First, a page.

EconPapers    
Economics at your fingertips  
 

Predicting Housing Market Sentiment: The Role of Financial, Macroeconomic and Real Estate Uncertainties

Hardik Marfatia (), Christophe André () and Rangan Gupta ()
Additional contact information
Hardik Marfatia: Department of Economics, Northeastern Illinois University, 5500 N St Louis Ave, BBH 344G, Chicago, IL 60625, USA

No 202061, Working Papers from University of Pretoria, Department of Economics

Abstract: Sentiment indicators have long been closely monitored by economic forecasters, notably to predict short-term moves in consumption and investment. Recently, housing sentiment indices have been developed to forecast housing market developments. Sentiment indices partly reflect economic determinants, but also more subjective factors, thereby adding information, particularly in periods of uncertainty, when economic relations are less stable than usual. While many studies have investigated the relevance of sentiment indicators for forecasting, few have looked at the factors which shape sentiment. In this paper, we investigate the role of different types of uncertainty in predicting housing sentiment, controlling for a wide set of economic and financial factors. We use a dynamic model averaging/selection (DMA/DMS) approach to assess the relevance of uncertainty and other factors in forecasting housing sentiment at different points in time. We find that housing sentiment forecast errors from models incorporating uncertainty measures are up to 40% lower at a two-year horizon, compared with models ignoring uncertainty. We also show, by examining DMS posterior inclusion probabilities, that uncertainty has become more relevant since the 2008 global financial crisis, especially at longer forecast horizons.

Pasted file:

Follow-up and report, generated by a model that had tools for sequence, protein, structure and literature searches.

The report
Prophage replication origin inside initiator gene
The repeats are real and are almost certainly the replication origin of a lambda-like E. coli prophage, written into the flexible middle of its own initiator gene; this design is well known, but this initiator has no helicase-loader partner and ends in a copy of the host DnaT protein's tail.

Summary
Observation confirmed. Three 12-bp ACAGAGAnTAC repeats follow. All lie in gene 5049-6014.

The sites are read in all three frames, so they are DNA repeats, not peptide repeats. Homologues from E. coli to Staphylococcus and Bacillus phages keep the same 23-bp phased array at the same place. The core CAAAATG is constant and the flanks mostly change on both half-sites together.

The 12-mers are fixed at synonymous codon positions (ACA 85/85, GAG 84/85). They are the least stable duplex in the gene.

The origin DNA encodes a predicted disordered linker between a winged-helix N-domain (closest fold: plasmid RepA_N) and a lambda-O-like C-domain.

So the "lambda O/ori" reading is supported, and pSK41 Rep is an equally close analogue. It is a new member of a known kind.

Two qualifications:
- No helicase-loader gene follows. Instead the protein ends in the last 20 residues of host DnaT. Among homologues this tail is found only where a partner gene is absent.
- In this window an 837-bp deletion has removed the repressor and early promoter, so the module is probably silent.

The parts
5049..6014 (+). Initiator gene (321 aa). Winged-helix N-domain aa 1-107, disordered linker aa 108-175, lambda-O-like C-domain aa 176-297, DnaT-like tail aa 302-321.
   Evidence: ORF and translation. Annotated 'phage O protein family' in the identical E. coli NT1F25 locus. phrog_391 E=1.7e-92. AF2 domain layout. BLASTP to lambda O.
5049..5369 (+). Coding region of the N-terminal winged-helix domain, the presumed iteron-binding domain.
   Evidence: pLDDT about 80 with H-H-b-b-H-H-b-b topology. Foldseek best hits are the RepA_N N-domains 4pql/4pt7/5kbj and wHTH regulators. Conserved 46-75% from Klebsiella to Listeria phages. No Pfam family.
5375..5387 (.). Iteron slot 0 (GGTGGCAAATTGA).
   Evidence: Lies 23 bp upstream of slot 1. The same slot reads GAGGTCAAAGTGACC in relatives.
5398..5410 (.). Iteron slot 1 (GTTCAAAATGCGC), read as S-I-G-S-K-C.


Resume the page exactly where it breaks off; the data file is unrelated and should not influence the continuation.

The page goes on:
Keywords: Housing sentiments; Uncertainty; DMA; DMS (search for similar items in EconPapers)
JEL-codes: C53 E44 R31 (search for similar items in EconPapers)
Pages: 22 pages
Date: 2020-06
New Economics Papers: this item is included in nep-for, nep-mac and nep-ure
References: View references in EconPapers View complete reference list from CitEc
Citations: Track citations by RSS feed

There are no downloads for this item, see the EconPapers FAQ for hints about obtaining it.

Related works:
This item may be available elsewhere in EconPapers: Search for items with the same title.

Export reference: BibTeX RIS (EndNote, ProCite, RefMan) HTML/Text

Persistent link: https://EconPapers.repec.org/RePEc:pre:wpaper:202061

Access Statistics for this paper

More papers in Working Papers from University of Pretoria, Department of Economics Contact information at EDIRC.
Bibliographic data for series maintained by Rangan Gupta ().

 
Page updated 2020-11-26
Handle: RePEc:pre:wpaper:202061